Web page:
We live in an age of paradox. There is a greater level of awareness about the importance of diet and fitness in recent years, yet at the same time the levels of obesity on one hand and malnutrition on the other are higher than ever. There can be few things that are more uncomfortable than a swollen feeling in the belly after eating. While in some cases this might be caused by an underlying disorders or hormonal imbalance, in many cases it is caused simply due to the buildup of gas in the digestive system and disturbances in the functioning of the muscles of the system. About 16-30 per cent of people experience bloating on a regular basis, so this is a fairly widespread phenomenon.
Here are a few techniques that you can try to reduce bloating and indigestion
Eating big meals can lead to bloating as the quantity of food that you have taken in can be simply too much for your digestive system to handle. If this is the issue, having smaller, more frequent meals might reduce bloating. In some cases, it might not be because you have eaten a bigger meal, but because your stomach experiences greater discomfort even from a smaller portion of food when compared to those who rarely experience bloating. When you were a child and your mother told you to chew your food properly, she was absolutely right. Chewing not only reduces the amount of air you swallow along with the food, it will also make you eat slower, thus limiting portion sizes.
When you eat too much salt, it can lead to fluid buildup and increase in blood volume. This causes your heart to work harder and can lead to bloating.
Many people are allergic to certain foods like yoghurt, chocolate, wheat etc. When you consume foods that you are allergic to, it can lead to excess production of gas, resulting in bloating. Foods containing lactose like milk, eggs and those containing gluten like wheat can all cause bloating. It would be best to either avoid or minimize your intake of such foods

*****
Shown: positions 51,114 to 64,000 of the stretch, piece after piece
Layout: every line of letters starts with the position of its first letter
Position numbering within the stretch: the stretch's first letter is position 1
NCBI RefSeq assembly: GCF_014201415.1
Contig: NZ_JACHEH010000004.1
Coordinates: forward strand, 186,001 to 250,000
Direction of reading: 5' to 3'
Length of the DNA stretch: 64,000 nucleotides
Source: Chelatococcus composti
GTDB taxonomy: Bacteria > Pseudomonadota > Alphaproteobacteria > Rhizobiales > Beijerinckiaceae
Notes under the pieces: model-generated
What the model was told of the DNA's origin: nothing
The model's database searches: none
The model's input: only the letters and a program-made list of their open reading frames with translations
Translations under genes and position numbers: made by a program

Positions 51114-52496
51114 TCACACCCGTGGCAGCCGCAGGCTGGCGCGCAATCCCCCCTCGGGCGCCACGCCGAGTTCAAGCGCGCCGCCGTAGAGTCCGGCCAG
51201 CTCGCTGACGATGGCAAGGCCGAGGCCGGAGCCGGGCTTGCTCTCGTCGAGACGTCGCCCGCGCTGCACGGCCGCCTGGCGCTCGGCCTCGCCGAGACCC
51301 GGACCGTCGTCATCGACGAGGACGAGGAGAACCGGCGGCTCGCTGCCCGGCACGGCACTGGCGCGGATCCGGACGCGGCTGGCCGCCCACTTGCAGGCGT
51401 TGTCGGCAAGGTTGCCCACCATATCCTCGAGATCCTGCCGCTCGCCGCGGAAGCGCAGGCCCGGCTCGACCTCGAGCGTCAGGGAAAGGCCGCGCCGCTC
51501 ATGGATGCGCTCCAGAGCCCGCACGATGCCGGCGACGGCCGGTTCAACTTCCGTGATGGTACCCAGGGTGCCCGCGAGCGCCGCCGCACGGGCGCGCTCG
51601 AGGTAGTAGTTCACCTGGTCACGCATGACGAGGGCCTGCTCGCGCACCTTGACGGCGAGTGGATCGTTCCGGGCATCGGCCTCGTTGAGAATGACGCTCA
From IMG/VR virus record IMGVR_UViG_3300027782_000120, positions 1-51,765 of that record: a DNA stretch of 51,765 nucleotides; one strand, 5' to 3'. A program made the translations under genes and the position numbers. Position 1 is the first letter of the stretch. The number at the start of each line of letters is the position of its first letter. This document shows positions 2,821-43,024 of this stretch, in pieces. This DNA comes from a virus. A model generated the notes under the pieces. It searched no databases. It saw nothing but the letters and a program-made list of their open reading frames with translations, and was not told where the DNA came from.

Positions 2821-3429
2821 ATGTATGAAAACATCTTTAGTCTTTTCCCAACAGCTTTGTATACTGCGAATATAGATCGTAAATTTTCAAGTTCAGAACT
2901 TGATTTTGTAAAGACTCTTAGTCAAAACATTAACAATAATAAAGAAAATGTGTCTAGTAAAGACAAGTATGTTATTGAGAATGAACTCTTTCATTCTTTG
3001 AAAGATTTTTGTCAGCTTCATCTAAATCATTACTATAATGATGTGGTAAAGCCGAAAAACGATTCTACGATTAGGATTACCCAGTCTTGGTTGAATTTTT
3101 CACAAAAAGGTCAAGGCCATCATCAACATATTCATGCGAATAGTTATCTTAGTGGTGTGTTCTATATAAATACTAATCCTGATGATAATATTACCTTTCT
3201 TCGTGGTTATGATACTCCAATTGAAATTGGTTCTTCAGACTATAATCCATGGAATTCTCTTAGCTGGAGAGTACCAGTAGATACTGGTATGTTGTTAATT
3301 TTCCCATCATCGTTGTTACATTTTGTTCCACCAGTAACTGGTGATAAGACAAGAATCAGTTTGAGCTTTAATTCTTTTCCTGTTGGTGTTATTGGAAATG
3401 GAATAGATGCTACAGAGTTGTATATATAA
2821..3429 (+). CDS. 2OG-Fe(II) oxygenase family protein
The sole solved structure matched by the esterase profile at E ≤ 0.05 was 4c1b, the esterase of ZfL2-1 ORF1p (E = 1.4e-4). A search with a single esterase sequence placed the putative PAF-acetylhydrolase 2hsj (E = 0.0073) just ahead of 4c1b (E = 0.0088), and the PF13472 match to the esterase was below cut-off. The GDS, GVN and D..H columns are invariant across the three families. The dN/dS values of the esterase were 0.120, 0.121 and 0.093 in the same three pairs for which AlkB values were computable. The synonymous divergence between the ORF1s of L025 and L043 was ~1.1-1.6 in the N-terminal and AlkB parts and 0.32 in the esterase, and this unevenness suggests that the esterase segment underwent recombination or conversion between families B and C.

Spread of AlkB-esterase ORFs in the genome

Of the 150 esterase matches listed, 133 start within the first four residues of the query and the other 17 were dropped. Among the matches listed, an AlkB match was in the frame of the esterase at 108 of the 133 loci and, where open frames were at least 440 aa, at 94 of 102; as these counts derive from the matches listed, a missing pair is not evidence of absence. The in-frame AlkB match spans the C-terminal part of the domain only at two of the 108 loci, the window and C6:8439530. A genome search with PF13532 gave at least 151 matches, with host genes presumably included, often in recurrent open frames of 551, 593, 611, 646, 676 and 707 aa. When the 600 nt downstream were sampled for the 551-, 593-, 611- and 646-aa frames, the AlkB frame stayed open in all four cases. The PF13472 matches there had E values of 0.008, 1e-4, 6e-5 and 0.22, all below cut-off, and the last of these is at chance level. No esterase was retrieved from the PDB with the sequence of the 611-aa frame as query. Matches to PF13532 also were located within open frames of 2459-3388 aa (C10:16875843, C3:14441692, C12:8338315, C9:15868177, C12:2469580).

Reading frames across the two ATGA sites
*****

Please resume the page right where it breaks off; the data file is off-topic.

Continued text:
There can be build up of air in the digestive system due to two reasons: gas produced by bacteria in the digestive system and gas that is swallowed when we eat and drink. Taking in fizzy drinks is not a good idea if you are prone to bloating. Eating in a hurry, talking while eating and using straw while drinking are all behaviors that can cause buildup of swallowed air
While foods having high fiber content are good for you, some of them like beans can cause production of large amounts. It would be a good idea to keep a food diary to find out which foods are likely to make you more bloated of gas Some high fiber foods can make people produce large amounts of gas.
Eating foods that are high in potassium like spinach, tomatoes, bananas and mangoes will help reduce bloating. They have amino acids that can help eliminate water from your body
Many studies indicate that indigestible carbohydrates called FODMAPS can aggravate symptoms of bloating in patients having irritable bowel syndrome. FODMAPS stands for food groups like Fermentable, Oligo, Di-, Mono-saccharides And Polyols. A diet that is low in such foods can reduce bloating. Common culprits include apples, beans, pears, cabbage, beans, broccoli, onions, wheat, garlic and watermelon.
Sugar alcohols like sorbitol, mannitol, and xylitol are commonly found in chewing gums and sugarfree foods as they are considered as safe alternatives to sugar. They can cause digestive issues and they can lead to greater production of gas by the bacteria in our large intestine. So, though you might avoid all other irritants, it could be your chewing gum that is to blame for boating.
Many clinical trials have shown that probiotic supplements can reduce bloating and the production of gas in people having digestive issues.
Chronic constipation can aggravate symptoms of bloating. Intake of more soluble fiber, increasing you levels of physical activity and using magnesium supplements can help minimize constipation.
Manju Mathew, an MBA in marketing, completed publisher training courses from the Oxford Brookes University and New York University. She started with marketing and PR roles before moving on to her current position as a full time writer. Currently living in Dubai, her life as an expat has sharpened her observation skills and flair for writing. She enjoys writing about luxury cars like Ferrari, Lamborghini, etc even if she can only dream of owning them.
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